THE DISCRETE RADON TRANSFORM WITH APPLICATIONS TO TIME DOMAIN BEAMFORMING
SCHEIBNER, DAVID JAMES
Doctor of Philosophy
Performing a discrete Radon transform (DRT) with an array of space-time samples results in a function of slowness (inverse velocity) and time intercept. Time domain beamforming and semblance, two commonly used methods of obtaining a slowness-time analysis, give outputs that are composed of discrete Radon transforms of the data. Many of the properties satisfied by the continuous Radon transform are also satisfied in the discrete case. Sampling problems give rise to additional considerations not present in the continuous transform. As a function of slowness, beamforming decimates each channel in proportion to its distance from the beamformer reference channel. This viewpoint allows the slowness bandwidth to be expressed as a function of the array spatial locations and the normalized temporal bandwidth of the received waveforms. These relationships determine the temporal sample rate increase at each channel necessary to avoid slowness aliasing. Examples are presented showing the slowness aliasing that results if either the temporal bandwidths or the array spatial aperture are too large. The conclusions regarding the slowness sampling density are applicable as well to frequency domain beamforming, where the beams must also be computed at discrete values of slowness. The slowness sampling rate can be increased using a technique termed interpolation beamforming. A polyphase filter structure is shown to be particularly suited to interpolation beamforming. The polyphase structure results in a pipelined processor, in which computation occurs in parallel filters at the low input sample rate. We describe four methods of inverting the beamformer output to reconstruct the space-time samples. Of the four, one method, a block matrix inversion technique, is new. It is exact when operating on the original data, but fails when the beamformer output is modified. This problem can be alleviated by reducing the dimensionality of the inversion matrix using a singular value decomposition. Time-domain beamforming separates transient plane-waves as a function of their velocity and time-of-arrival. Modifications in the beamformer output domain, such as masking out coherent interfering signals while taking into account both velocity and time information, are more straightforward than with traditional (k-(omega)) velocity filtering methods. Processing in this domain is especially useful if a time-varying velocity filter is required.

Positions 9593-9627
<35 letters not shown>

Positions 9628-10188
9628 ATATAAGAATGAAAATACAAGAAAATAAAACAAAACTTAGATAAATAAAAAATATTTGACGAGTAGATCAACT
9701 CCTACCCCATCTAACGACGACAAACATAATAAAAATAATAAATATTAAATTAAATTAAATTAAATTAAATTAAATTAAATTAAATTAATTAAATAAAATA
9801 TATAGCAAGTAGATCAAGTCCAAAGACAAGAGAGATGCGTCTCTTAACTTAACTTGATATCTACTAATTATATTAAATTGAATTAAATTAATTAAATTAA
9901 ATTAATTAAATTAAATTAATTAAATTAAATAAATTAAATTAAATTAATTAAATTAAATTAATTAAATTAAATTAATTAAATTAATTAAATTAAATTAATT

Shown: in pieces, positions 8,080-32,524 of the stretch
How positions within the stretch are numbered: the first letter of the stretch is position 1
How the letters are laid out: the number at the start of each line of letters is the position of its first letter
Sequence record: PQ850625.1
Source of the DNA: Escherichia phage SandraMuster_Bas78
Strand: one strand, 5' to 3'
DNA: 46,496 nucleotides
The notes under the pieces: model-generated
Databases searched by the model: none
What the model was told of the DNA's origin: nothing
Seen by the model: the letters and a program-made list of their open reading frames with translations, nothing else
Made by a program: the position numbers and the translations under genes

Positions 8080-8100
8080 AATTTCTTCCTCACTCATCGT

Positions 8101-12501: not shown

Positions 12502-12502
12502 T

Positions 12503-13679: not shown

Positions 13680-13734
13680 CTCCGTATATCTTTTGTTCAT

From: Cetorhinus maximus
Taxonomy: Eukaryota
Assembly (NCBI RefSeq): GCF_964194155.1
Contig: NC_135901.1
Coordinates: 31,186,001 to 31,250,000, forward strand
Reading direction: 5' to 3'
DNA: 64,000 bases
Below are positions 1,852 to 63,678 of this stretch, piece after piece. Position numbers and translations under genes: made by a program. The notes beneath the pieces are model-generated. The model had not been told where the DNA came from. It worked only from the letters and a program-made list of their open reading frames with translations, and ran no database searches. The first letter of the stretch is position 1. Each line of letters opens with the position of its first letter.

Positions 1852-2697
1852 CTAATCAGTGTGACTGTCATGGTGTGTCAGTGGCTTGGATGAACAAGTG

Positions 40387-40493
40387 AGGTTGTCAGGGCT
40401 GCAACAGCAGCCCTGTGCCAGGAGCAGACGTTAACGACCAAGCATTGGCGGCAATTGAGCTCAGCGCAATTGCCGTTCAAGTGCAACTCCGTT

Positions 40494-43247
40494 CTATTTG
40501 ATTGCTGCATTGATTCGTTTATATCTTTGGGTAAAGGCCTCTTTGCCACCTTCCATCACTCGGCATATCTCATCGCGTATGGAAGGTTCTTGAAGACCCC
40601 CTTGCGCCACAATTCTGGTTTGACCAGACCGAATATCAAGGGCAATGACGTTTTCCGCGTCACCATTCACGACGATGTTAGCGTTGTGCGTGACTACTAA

Electronics; Electrical engineering